Contraception: A Prisoner's Dilemma?
In an article entitled “Bitter Pill” in the November issue of First Things, economist Timothy Reichert deliberately uses the language and tools of modern social science to argue that contraception is socially damaging. He does this in the interest of providing a common ground for debate between those who tout contraception as a great social blessing and those—like the Catholic Church—who view it as a social curse. At one level, the article reveals (I suspect deliberately) how silly it is to rely on the tools of modern social science to analyze moral questions, because the slice of reality measured by such methods is in fact quite small. But on another level, the analysis—unlike contraception itself—is fruitful.
Reichert argues, with all the requisite graphs, charts and statistics, that in terms of economic theory there are two “markets” affected by contraception, the marriage market and the sex market (that is, the economic possibilities that exist when sex can be divorced from family life). In the absence of strong social morality, men are plentiful in both markets. Without contraception, women are scarce in the sex market, and men and women find themselves in roughly equal supply in the marriage market. The result is a strong feminine commitment to marriage (which engenders a stronger male commitment), through which families—including women as wives and mothers—prosper.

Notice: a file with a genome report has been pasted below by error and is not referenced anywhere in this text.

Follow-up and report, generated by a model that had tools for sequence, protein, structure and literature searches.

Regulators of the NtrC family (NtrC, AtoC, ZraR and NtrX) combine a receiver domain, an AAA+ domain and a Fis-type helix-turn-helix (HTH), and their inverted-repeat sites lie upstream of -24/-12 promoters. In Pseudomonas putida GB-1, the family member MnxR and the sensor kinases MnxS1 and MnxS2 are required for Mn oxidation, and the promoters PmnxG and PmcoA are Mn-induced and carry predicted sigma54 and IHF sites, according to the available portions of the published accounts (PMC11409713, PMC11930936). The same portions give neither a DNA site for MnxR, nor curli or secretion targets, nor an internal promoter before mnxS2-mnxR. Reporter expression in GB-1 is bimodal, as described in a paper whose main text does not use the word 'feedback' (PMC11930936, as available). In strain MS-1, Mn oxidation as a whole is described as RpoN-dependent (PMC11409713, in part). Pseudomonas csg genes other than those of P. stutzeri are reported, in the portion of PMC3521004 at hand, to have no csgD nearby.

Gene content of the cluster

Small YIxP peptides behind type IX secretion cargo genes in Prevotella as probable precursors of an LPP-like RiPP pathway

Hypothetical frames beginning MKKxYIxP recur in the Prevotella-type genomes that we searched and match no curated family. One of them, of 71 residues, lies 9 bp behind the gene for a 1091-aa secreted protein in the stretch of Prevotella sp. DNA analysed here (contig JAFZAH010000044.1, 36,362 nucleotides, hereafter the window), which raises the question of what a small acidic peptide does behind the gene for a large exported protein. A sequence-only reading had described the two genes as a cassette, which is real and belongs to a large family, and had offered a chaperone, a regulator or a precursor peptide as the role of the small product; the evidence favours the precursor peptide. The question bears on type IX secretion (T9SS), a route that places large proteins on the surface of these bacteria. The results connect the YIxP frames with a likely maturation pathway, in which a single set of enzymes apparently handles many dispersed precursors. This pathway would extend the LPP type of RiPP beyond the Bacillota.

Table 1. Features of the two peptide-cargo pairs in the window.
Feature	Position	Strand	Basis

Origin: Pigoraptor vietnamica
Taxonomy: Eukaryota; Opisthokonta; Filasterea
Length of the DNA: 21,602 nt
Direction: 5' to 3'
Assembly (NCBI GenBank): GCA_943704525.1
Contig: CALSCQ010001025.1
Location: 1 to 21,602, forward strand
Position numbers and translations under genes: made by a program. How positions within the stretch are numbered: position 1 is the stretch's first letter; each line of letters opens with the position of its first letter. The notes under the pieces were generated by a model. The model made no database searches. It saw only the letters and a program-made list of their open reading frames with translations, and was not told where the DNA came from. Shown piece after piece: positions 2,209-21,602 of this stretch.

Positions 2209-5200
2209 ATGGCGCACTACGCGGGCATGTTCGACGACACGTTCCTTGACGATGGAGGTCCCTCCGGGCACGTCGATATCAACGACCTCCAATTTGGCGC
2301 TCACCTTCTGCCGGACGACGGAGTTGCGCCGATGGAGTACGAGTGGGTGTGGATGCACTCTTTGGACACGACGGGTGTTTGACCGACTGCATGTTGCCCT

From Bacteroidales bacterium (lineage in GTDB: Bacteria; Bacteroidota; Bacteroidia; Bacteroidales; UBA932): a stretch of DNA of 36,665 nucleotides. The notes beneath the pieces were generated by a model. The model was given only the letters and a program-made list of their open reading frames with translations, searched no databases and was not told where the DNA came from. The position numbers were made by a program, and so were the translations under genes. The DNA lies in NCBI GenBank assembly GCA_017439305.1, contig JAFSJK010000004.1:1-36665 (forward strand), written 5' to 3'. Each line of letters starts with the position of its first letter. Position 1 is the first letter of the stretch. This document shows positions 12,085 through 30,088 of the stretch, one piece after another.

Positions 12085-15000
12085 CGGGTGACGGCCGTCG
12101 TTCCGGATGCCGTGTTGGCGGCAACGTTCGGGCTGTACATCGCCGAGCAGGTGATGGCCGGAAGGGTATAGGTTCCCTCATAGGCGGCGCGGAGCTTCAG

With contraception, however, women are able to place themselves in the sex market without participating in the marriage market, and so gain a competitive advantage. They may earn more money, engage more easily in professional life, enjoy greater attention, and so on. The result, however, is a weakening of the marriage market, and with it a decline in commitment to marriage by both men and women, an increase in divorce, and a decline in both security and family wealth. Because of the “poaching” made possible by contraception, the marriage market is in effectively over-fished, diminishing until it can scarcely support a sound social order. Paradoxically, as is now well-known, women are disproportionately impoverished by the results.
Reichert observes that this sort of behavior is a classic example of the prisoner’s dilemma. In theory, every woman knows that tremendous social benefits will accrue in the long run if the marriage market can be restored to health and prosperity, and that this can happen only if everyone plays by rules that are good for that market. In practice, however, the typical individual woman, knowing she cannot control the behavior of others, believes that she will be better off by poaching, by taking more than she is morally entitled to—an attitude which has always come far too easily to men. On the one hand, if most people play by the rules, cheating confers a great competitive advantage in the sex market. On the other, if most people don’t play by the rules, cheating is necessary just to remain competitive. So, in the absence of strong social morality and/or rigorous enforcement, huge numbers of people poach and cheat.
What makes this worth thinking about is the result: Largely due to the prevalence of contraception, social stability today mirrors the Greek economy. There is a whole lot of undeclared income on the side; this bankrupts the nation; in the long run, then, it can’t do anybody any good. Thus the practice of contraception undermines the very characteristics necessary for a successful social order. This isn’t the whole story of contraception, but it isn't negligible by any means. It’s the part that will get better only after the root problems are corrected at a more personal level. But perhaps an economic market analysis will help some people to see the personal light.
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